Here are three more images from the weekend workshop with Ian MacDonald.
The young woman above was sitting at the Vancouver Art Gallery listening to her music, watching some skateboarders. A smile and a wave of my camera was all it took to get a approving nod from her as an OK to take some photos.
The images below were all studies in practicing ‘light’, ‘shadows’ and silhouettes.
In this next image I was capturing shadows cat by people waling in front of the lit pillar. I was having some success but it wasn’t until this cyclist walked by closer to me, out of the light that I captured this. At first glance it appears to be a shadow on the pillar but upon closer inspection you can see the cyclist is just a silhouette. The added bonus here is the mirroring of the two similar cyclists.
The image below from the Waterfront Station had this man on the phone. I liked the lighting but the image was not working. It wasn’t until he leaned over to look out the window that the ‘story’ gets captured. It appears he is looking at the man outside the right most window. This may not be the case at all, but from the viewers perspective, that’s how the story reads. This lends to the importance of the man outside being there. Imagine this image without the man outside. The story changes completely.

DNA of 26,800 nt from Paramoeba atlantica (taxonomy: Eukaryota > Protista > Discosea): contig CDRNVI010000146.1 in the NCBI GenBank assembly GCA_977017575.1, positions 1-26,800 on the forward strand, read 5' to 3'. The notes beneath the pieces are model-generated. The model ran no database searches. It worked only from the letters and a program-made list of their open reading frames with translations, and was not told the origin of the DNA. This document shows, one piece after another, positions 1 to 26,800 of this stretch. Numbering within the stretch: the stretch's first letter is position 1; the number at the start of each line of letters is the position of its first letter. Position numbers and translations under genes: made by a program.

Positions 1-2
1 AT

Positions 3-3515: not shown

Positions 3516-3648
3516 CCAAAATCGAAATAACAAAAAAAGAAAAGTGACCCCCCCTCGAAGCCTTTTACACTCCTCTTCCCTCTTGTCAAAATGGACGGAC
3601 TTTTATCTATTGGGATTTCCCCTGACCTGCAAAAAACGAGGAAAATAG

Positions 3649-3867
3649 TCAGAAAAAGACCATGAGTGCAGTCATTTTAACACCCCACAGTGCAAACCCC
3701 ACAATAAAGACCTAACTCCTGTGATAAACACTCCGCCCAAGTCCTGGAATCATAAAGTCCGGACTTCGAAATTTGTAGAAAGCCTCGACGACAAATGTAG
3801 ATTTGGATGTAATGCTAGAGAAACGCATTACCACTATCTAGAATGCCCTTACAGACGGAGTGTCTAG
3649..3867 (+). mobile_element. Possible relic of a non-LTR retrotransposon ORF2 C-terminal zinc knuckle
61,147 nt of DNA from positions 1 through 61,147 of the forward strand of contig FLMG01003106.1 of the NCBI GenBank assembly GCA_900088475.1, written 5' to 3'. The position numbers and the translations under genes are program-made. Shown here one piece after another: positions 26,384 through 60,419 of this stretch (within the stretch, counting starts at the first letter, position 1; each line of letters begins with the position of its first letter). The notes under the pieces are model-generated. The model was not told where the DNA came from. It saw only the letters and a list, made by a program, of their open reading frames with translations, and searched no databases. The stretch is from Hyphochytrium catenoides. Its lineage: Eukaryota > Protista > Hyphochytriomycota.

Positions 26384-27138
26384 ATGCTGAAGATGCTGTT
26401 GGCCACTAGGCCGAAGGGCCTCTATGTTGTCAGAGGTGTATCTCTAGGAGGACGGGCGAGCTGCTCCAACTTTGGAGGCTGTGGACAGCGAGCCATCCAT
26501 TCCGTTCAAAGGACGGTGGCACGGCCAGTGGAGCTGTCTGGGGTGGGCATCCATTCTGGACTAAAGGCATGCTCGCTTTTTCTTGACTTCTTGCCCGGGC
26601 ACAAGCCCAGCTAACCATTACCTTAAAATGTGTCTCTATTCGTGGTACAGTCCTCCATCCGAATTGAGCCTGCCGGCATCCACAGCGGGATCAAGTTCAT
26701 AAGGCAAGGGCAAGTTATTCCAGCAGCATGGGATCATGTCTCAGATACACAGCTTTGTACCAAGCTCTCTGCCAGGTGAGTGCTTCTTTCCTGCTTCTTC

There are many things to photograph on the streets. These can become a distraction if you wander around aimlessly. If you choose ‘something’ to photograph ahead of time, like specific subjects, themes, or in this case, lighting, it becomes easier to get images because you are actively searching them out.
One thing that always (mostly) works well in Street Photography is capturing moments. No, not the right timing and not the Henry Cartier-Bresson “decisive” moment, but rather a moment where emotions can be read in people’s faces. A moment between two people or a moment when someone realizes something or notices something and you can see it in their face.
These moments can be difficult to catch as they are often fleeting moments. One must be ready, and quick. Or, one must be stealthy and maneuver into place and then get the shot knowing you will only fire one or two off before they notice you and the moment will be gone. They can also be difficult because the perceived moment we see in real life will not always transfer into the final image. Sometimes the lighting will cause problems or perhaps the subjects face will not transfer or display emotions well when captured in camera.